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Volume 15, Issue 15 ~ April 12 - April 18, 2007

Earth Journal by Gary Pendleton

Tree Swallows Fly in with Spring

Build them a home and they will come

The hirundines are a most inoffensive, harmless, entertaining, social and useful tribe of birds: they touch no fruit in our gardens. Delight, all except one species, in attaching themselves to our houses. Amuse us with their migrations, songs and marvelous agility. And clear our outlets from the annoyances of gnats and other troublesome insects.

–Gilbert White, The Natural History of Selbourne, 1789

The world was in turmoil when those words were published, but the vicar of Selborne was thinking about birds, tortoises, insects, earthworms and all kinds of plants and animals. He believed in nature’s ability to withstand disaster, and he celebrated the efforts of human and animal communities to survive. His message resonates today, when his classic book of nature writing is still in print.

The hirundines he wrote of are swallows; hirundidae is the scientific name for that family of birds. White studied virtually every aspect of natural history in and around his parish in Southern England, but he singled out the swallows, martins and swifts for special attention. No doubt he loved them for their beautiful forms and graceful aerobatics as well as their reputed ability to control annoying insects. White was correct to group the swallow with the martins, but as birders know, swifts are a different kind of bird.

On this side of the Atlantic, we have our own assortment of swallows plus a martin and swifts too. Six kinds of swallows inhabit the eastern U.S.; all are warm-weather residents. Tree swallows are the first of their kind to arrive in the spring, appearing in the Mid-Atlantic in late March or early April.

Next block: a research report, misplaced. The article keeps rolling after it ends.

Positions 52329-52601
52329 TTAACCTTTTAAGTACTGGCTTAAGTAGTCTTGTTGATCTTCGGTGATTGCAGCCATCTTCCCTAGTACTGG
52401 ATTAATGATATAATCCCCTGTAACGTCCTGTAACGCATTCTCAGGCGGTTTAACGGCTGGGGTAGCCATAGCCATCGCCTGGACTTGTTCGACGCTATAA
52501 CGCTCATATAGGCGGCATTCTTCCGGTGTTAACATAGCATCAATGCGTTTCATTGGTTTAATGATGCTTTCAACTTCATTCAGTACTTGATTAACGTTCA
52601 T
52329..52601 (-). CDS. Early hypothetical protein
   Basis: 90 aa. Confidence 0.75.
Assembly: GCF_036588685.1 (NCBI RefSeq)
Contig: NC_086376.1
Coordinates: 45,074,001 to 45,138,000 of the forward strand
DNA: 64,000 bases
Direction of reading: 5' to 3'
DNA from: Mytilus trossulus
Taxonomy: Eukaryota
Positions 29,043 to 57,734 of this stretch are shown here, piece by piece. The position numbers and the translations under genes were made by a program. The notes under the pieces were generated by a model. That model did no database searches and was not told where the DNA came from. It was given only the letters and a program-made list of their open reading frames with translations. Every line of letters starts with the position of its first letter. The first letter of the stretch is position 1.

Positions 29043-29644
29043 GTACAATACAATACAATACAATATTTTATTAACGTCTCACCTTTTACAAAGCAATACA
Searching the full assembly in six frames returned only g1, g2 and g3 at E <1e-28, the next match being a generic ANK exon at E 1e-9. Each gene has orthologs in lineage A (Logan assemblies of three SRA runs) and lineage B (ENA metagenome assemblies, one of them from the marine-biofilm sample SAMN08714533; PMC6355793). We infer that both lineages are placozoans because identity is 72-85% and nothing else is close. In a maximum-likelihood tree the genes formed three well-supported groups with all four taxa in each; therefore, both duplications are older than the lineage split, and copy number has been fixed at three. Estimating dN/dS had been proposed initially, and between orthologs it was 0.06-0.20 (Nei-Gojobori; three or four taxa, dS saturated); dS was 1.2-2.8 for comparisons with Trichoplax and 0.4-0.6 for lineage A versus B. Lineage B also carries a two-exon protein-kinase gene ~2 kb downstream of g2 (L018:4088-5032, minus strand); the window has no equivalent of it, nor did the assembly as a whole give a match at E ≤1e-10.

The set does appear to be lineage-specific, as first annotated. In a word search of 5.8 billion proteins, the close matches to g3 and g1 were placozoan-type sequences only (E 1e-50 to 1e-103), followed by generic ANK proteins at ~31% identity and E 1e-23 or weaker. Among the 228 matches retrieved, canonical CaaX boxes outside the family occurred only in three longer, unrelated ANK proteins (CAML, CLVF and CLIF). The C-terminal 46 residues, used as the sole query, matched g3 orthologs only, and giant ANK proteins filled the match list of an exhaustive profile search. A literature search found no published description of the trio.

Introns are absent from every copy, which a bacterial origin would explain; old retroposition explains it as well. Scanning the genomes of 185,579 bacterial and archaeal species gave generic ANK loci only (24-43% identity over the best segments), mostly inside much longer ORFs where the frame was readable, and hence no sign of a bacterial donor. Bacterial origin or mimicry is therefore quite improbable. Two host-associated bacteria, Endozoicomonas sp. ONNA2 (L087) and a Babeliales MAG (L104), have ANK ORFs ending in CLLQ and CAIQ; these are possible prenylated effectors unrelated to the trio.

Many of their numbers overwinter along the south Atlantic and Gulf coasts, which helps explain their status as early arrivers. In the colder months, they subsist on the berries of the wax myrtle, a food that few other birds are able to stomach. The shrub grows abundantly in coastal areas.

Swallows are sleek and aerodynamic; they have long, pointed wings and forked tails.

Tree swallows, Tachycineta bicolor, are as their scientific name implies, two-toned. In adults, the upperparts appear to be almost black but are actually iridescent blue-green; underparts are snowy white. They prefer open areas near water, where they build nests in tree cavities or birdhouses.

If you live near the water, you can put up a birdhouse in hopes of attracting a pair of tree swallows. But you need to hurry to have it occupied this year. Find instructions for a birdhouse for tree swallows at, or check with your local birding supply store.

Scientific name: Tachycineta bicolor

Where to find tree swallows: Open areas near water, especially where birdhouses are installed

Places to visit: Downs Park or Jefferson Patterson Park

What to look for: Sleek, two-toned birds with pointed wings and forked tails

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